Back on the boat, I find my other friend is actually shivering - we get her some hot chocolate, some dry towels, and she elects to bail on dive number two. She was so enthralled by the scenery that she refused to signal to me, "I'm cold" until we're on the surface. Heidi, meanwhile, has flooded her drysuit (zipper's shot, it seems), so she's sopping wet, although not chilled at all, and bails on dive number two.

Almost everyone else on the boat had, apparently, been waiting for us for over 20 minutes to surface. I still had half a tank and neither of the girls does a particularly good Hoover imitation :) Most of them decide they're cold, wet, and miserable, and bail on dive number two. We're now down to six divers, of the 14 people we started with on the boat.

For dive number two, we go back into the bay and drop anchor offshore from the Aquarium, about 100 feet or so from the two yellow buoys that mark the intakes for the aquarium's plumbing for the tanks. There's a nice kelp forest a bit shallower that they keep directing us to, but I'm diving with the groom, and he's done this a few times, but never checked out the aquarium intakes, so we jump in, take a bearing, and head over there.

We do about 40 minutes on the intakes and the pipeline, meandering back to the aquarium. Viz is an impressive 40+ feet, and the intakes are just covered with life. The sandy bottom around there isn't much to look at, other than lots of cucumbers, but the pipelines are covered with kelp, crabs, some strange large dorids that I've never seen, and just schools and schools of fish almost "hovering" around them. Way cool. We guesstimate how far we've wandered in towards the shore, make a bearing towards where we think the boat is, and head out. We eventually decide to do a midwater ascent (from 50 feet), come up, do a safety stop, and find ourselves about 50 feet from the boat, just outside our underwater viz.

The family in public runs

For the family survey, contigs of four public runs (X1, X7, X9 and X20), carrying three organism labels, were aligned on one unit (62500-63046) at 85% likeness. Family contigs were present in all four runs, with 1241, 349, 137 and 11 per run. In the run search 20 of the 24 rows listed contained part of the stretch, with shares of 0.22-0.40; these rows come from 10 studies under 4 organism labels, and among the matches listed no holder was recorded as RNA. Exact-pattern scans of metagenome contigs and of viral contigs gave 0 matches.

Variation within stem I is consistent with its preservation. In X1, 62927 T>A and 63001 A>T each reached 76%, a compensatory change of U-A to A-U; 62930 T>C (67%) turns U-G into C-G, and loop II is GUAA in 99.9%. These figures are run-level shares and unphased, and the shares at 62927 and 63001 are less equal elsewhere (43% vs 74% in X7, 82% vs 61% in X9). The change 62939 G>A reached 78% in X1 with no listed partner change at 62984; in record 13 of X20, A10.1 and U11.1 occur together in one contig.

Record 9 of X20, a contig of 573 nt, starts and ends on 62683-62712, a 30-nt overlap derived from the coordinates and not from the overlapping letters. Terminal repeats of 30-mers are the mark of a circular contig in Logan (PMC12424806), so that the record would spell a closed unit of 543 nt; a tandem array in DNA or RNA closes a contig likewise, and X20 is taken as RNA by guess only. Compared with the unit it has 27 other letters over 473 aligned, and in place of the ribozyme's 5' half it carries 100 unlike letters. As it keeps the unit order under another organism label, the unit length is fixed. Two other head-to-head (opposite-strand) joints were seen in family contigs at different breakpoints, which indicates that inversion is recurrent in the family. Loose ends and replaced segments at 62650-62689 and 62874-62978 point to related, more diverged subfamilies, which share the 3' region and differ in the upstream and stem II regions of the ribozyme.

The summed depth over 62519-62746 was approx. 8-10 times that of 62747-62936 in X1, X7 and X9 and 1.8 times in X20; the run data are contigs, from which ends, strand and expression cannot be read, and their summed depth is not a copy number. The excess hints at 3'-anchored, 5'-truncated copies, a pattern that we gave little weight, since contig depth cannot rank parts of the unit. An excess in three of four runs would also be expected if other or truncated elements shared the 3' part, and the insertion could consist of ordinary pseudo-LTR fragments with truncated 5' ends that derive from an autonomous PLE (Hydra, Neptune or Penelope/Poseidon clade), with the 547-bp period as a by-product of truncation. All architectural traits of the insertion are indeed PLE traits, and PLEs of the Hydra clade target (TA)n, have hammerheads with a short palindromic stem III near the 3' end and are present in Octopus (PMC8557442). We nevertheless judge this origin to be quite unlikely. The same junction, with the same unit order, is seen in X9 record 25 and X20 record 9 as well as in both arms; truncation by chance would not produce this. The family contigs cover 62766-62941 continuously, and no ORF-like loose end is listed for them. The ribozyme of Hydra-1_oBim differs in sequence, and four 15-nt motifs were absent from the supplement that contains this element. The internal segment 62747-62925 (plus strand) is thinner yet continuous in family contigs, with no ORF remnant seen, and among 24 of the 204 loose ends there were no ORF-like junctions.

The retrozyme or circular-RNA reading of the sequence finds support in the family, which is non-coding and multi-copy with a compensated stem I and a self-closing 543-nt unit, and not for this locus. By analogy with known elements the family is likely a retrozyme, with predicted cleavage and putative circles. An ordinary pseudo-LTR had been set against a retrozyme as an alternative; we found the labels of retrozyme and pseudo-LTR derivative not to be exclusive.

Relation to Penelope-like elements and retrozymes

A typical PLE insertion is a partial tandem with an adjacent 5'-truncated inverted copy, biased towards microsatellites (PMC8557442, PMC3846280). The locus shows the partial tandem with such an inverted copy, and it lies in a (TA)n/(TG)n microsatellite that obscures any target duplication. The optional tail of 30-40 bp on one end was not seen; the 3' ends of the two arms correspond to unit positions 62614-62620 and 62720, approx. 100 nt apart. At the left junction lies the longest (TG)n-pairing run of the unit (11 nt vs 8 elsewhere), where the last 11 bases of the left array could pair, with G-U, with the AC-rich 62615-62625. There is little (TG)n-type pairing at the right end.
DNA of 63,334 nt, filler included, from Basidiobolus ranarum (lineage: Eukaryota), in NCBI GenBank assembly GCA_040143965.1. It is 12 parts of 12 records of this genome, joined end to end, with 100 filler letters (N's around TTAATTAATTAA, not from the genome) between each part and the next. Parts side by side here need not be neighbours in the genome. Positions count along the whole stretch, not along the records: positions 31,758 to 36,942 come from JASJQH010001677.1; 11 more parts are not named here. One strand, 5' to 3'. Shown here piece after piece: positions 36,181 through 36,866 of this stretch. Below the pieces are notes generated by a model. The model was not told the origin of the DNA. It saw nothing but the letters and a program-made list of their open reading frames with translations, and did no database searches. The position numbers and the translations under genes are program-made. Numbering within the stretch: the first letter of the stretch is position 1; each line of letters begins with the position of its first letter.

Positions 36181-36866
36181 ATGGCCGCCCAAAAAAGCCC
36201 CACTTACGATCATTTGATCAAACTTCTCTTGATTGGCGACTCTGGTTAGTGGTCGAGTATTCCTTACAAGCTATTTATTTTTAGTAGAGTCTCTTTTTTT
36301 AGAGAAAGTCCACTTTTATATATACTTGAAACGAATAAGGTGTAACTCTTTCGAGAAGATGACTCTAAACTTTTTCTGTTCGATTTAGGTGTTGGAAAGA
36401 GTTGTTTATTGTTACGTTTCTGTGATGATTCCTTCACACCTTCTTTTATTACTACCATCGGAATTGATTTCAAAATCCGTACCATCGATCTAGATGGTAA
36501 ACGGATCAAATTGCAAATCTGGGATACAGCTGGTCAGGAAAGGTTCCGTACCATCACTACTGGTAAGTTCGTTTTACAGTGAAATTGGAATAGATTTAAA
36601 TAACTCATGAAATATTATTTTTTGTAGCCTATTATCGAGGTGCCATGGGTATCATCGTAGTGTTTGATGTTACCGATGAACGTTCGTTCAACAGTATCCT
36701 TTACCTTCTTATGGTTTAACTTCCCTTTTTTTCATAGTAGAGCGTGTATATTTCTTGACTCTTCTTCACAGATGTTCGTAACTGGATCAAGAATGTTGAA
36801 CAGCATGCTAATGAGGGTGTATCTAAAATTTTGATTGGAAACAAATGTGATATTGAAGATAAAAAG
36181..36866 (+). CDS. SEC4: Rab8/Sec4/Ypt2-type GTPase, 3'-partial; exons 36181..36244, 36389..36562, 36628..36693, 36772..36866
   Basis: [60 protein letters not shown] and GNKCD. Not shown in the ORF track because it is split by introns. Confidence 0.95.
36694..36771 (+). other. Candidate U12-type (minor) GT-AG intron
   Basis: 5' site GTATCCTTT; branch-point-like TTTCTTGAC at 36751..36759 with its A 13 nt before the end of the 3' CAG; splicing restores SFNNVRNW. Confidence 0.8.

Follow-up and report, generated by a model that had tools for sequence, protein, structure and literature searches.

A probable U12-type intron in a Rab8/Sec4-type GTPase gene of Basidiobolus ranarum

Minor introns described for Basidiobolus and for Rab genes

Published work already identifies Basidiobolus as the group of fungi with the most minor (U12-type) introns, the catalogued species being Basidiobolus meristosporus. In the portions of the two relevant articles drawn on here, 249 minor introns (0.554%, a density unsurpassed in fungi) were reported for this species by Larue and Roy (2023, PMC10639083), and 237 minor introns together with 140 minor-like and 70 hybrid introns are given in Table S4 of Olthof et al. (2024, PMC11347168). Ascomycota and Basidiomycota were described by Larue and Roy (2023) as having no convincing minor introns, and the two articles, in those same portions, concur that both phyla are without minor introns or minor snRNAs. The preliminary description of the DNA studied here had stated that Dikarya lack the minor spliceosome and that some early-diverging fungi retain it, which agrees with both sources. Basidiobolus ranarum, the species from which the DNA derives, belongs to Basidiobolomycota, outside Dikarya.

All in all, two outstanding dives, other than I would've _loved_ to have done a couple of hours at each site. The life was a lot like it was up here - perhaps less of the big stuff - but the cool stuff in the kelp made up for it... and hanging out with hundreds of yelping sea lions on the breakwater afterwards is an experience not to be missed.

This morning, we took a stroll down by the beach - I have to say that weekends are to be avoided diving there... there must've been 200+ divers in the water from every class within a hundred miles. If I _ever_ thought Cove 2 sucked on a weekend with bad tides, I changed my mind...Monterey Bay would be worse :) Weekdays, though, are definitely made for spectacular fun...

We had a great crew (Captain Mike, with DM Luke from MBDC) and friendly folks from Monterey Bay Dive Center helping us out, and I'd definitely do it again... Russ invited me back down for some serious rebreather/scooter diving again, and after getting just a shallow taste of the Bay this weekend, I'm definitely going to have to head back.

I also managed to bump into another friend of mine at the wedding reception, and already have lined up my next out-of-the-US dive trip... After next year's repeat Antarctic run, I'm off to Clipperton Island, in the eastern Pacific, to do some more-or-less expeditionary grade warm water diving, which should include a couple of days in Socorro again -- last time was awesome down there, and a repeat chance on the way to Clipperton can't be missed.


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Re: Trip Report: Monterey

Post by LCF » Sun Aug 10, 2008 10:30 pm

Well, you persevered past your obstacles and pulled off a couple of good dives!

I've got to get back down to Monterey. There's a super community of divers down there who have been very welcoming, and I love all the hydrocoral and color.
"Sometimes, when your world is going sideways, the second best thing to everything working out right, is knowing you are loved..." ljjames